Little is expected from the current earnings season. At best, corporate profits may eke out a small gain compared to last year’s second quarter. Moreover, with Trump’s trade war still threatening to worsen, the yield curve still inverted, and because the U.S. economy is now in the longest expansion in its history, many are understandably worried that earnings growth may remain challenging.Read more
As shown in Chart 1, since 2015, the trade-weighted U.S. Dollar index has generally ranged between 90 and 100. Its recent stability, at a level much higher than it was during the first half of this economic recovery, has played an important role in shaping the economic and financial-market landscape.Read more
Factors provide investors with the ability to shift their portfolio’s characteristics to fit a particular economic and market outlook. Value might look appealing under one set of conditions while Quality might be more desirable in another. We developed a research platform that analyzes various drivers of factor returns, summarized in Exhibit 1.Read more
The Momentum category continues to grind higher, but this push has predictably stirred up investor enthusiasm (as measured this week by an identical decline in our Attitudinal composite). At the same time, longer-term measures like CEO Confidence, Small Business Optimism, and Consumer Confidence have all weakened in the latest reports, suggesting a rollover in animal spirits could be underway.Read more
There is still plenty to worry about. The never-ending trade war enters yet another round of negotiations, geopolitical risks simmer, many economic reports (both in the U.S. and around the globe) remain weak, the size of negative-yield debt is becoming nearly as large as U.S. GDP, the U.S. stock market continues to exhibit a worrisome “triple-top” pattern, small cap stocks continue to trail, the yield curve is still inverted and, because of a “strong” jobs report on Friday, there is now doubt about whether the Fed will cut interest rates later this month.Read more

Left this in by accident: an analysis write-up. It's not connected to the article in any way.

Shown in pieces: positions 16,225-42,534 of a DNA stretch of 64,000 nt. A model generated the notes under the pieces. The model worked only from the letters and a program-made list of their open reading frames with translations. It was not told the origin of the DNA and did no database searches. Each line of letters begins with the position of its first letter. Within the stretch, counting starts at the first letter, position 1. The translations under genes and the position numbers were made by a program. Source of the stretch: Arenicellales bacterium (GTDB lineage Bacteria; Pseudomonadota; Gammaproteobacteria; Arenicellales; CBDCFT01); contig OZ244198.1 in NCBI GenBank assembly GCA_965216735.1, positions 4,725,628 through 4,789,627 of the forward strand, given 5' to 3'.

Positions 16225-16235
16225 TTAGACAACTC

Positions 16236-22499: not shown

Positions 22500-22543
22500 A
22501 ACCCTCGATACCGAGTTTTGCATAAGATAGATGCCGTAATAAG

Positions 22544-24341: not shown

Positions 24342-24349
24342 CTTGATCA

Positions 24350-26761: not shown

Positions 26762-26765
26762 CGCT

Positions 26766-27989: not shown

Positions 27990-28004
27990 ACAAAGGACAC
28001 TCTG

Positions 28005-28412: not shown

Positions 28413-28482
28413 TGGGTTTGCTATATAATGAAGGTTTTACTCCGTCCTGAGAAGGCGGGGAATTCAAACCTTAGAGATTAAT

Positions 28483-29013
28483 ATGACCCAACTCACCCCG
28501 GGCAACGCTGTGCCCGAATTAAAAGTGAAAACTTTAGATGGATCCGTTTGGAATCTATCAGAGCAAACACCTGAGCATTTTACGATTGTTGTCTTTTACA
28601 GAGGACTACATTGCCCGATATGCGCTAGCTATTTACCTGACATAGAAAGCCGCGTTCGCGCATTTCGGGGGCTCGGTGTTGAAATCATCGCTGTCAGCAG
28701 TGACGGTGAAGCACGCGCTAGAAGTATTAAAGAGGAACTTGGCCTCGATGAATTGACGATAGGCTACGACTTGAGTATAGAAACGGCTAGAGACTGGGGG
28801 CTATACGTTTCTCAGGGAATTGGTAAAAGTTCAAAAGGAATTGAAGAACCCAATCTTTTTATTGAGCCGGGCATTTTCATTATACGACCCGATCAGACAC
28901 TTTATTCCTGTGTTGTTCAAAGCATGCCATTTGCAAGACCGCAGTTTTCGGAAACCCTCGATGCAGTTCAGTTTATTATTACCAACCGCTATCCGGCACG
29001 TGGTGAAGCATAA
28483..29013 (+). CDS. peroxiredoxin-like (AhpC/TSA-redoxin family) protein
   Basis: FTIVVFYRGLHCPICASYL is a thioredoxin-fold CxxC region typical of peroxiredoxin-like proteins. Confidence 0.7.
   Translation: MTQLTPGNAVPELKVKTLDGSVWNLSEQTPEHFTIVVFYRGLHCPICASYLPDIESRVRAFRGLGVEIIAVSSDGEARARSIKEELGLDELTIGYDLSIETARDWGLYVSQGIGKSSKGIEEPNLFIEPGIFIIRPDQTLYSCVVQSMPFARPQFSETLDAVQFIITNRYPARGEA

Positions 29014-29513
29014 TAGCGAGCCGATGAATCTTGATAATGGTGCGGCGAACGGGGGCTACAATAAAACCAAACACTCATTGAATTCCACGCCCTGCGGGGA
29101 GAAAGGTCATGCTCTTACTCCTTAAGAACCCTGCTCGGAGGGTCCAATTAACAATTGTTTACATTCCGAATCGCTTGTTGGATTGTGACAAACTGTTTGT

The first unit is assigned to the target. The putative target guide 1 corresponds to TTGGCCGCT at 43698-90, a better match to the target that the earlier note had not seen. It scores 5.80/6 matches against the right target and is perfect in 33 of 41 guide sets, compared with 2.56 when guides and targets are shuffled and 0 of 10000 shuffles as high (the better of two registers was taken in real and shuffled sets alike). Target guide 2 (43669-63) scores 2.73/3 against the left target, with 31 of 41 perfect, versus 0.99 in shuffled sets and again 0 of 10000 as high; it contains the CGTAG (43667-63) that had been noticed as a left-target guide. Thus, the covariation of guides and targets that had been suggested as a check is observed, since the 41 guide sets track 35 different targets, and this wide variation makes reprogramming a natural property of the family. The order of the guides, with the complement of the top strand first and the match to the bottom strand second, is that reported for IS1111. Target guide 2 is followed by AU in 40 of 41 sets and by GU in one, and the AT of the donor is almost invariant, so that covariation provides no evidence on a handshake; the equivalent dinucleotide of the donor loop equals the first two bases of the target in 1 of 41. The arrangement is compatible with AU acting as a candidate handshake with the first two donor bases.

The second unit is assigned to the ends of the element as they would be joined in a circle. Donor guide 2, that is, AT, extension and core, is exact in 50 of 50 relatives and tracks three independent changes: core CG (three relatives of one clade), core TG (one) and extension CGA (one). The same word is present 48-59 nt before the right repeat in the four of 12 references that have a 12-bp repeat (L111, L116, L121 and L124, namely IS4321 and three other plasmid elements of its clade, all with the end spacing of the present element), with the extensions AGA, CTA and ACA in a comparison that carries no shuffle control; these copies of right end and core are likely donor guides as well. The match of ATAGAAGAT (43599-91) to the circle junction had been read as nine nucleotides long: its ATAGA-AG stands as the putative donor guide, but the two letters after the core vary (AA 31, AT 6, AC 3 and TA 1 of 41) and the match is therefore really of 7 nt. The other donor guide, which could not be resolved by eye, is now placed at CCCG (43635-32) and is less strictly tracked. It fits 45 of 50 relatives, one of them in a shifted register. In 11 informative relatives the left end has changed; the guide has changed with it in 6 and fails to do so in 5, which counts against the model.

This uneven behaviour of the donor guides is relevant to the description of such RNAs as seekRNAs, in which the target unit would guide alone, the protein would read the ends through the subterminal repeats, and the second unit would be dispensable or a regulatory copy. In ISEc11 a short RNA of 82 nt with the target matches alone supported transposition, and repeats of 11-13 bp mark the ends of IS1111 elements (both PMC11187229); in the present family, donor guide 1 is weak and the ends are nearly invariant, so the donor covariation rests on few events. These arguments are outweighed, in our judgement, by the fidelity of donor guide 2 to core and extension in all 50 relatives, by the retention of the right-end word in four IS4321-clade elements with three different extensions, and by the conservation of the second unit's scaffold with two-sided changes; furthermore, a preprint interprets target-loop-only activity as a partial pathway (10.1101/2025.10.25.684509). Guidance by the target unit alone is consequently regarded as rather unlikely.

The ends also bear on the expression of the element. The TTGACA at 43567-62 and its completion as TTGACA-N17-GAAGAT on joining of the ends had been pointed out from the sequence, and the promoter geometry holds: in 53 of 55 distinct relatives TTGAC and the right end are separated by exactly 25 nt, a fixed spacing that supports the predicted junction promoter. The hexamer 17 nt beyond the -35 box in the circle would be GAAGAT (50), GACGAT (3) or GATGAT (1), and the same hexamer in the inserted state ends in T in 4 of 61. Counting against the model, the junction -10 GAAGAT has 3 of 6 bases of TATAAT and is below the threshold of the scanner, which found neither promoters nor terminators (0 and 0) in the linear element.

The bounce in the Economic category interrupted its last few months’ steady grind lower; the increase was led mostly by an upgrade to the NOPE Index (ISM New Orders Minus Price Index), which moved from high neutral to moderately bullish. The action of individual components is hardly reassuring, however.Read more
Like today, the Federal Reserve usually sucks all the oxygen out of the national economic-policy conversation. And, why not? It is comprised of a small elite group who hold conferences in exotic locations (Jackson Hole), have regular strategy meetings culminating in ‘must-see’ press conferences, make dot-plots sound interesting, and, between meetings, members regularly spout-off contradictory opinions.
The Economic work continues to erode, and it would now be deeply negative if not for the conventional scoring of our leading inflation measures, in which disinflation is viewed as a good thing. But if our suspicions that this economic cycle will end in a deflationary bust are correct, the conventional interpretation will be wrong.Read more
This week the Federal Reserve delivered the requisite preamble signaling an inevitable cut in the Fed funds rate. Following that, the 10-year Treasury yield declined below 2%, financial markets now point to a 100% probability of a rate reduction, and the old adage ‘Don’t Fight the Fed’ has been ringing in investors’ ears.Read more
A less-publicized, but still worrisome “inversion” occurring beyond the Treasury market is that of Consumer Confidence, in which the Conference Board’s Present Situation Index has soared almost 70 points above the Expectations Index. This gap always becomes extreme in the late stages of an economic expansion, and today’s reading surpasses those recorded at all business cycle peaks other than February 2001.Read more
Surveys are conducted frequently on Wall Street as investors are always assessing whether there are too many bulls or too many bears. The problem with surveys is people do not always do what they say (perhaps as we found out leading up to the last presidential election).Read more
A survey asking equity investors whether the stock market does best with a strong or weak U.S. dollar would likely yield a variety of contradicting opinions—and they would all be correct! Like many couples, the stock/dollar relationship is complicated. Sometimes they get along blissfully, other times they separate because they find they rarely agree and, often, they simply seem indifferent to each other. They are an odd couple!
U.S. economic growth has recently slowed and most attribute the weakening to trade wars now being fought on several fronts (China, Mexico, Europe?). Bond vigilantes have become so concerned about the potential for negative economic fallout that they have inverted the yield curve.Read more
It’s hard to grow profits when an economy’s resources are already fully employed, a fact we highlighted when the U.S. Output Gap turned positive several quarters ago. Therefore, the first quarter drop in NIPA corporate profits, reported yesterday, shouldn’t have come as a surprise.
The bond market is now the primary fear for stock investors. Bond yields just keep declining, the yield curve has again inverted, and many wonder ‘why is the bond market so spooked?’ Could it be signaling a recession and therefore a bear market?Read more
What a difference a year makes! In early 2018 we were celebrating 20% earnings growth, driven by a strong economy and the massive corporate tax cut. Sales were rising at a double-digit rate and the tax burden was shrinking dramatically, setting up one of the best earnings years in history.Read more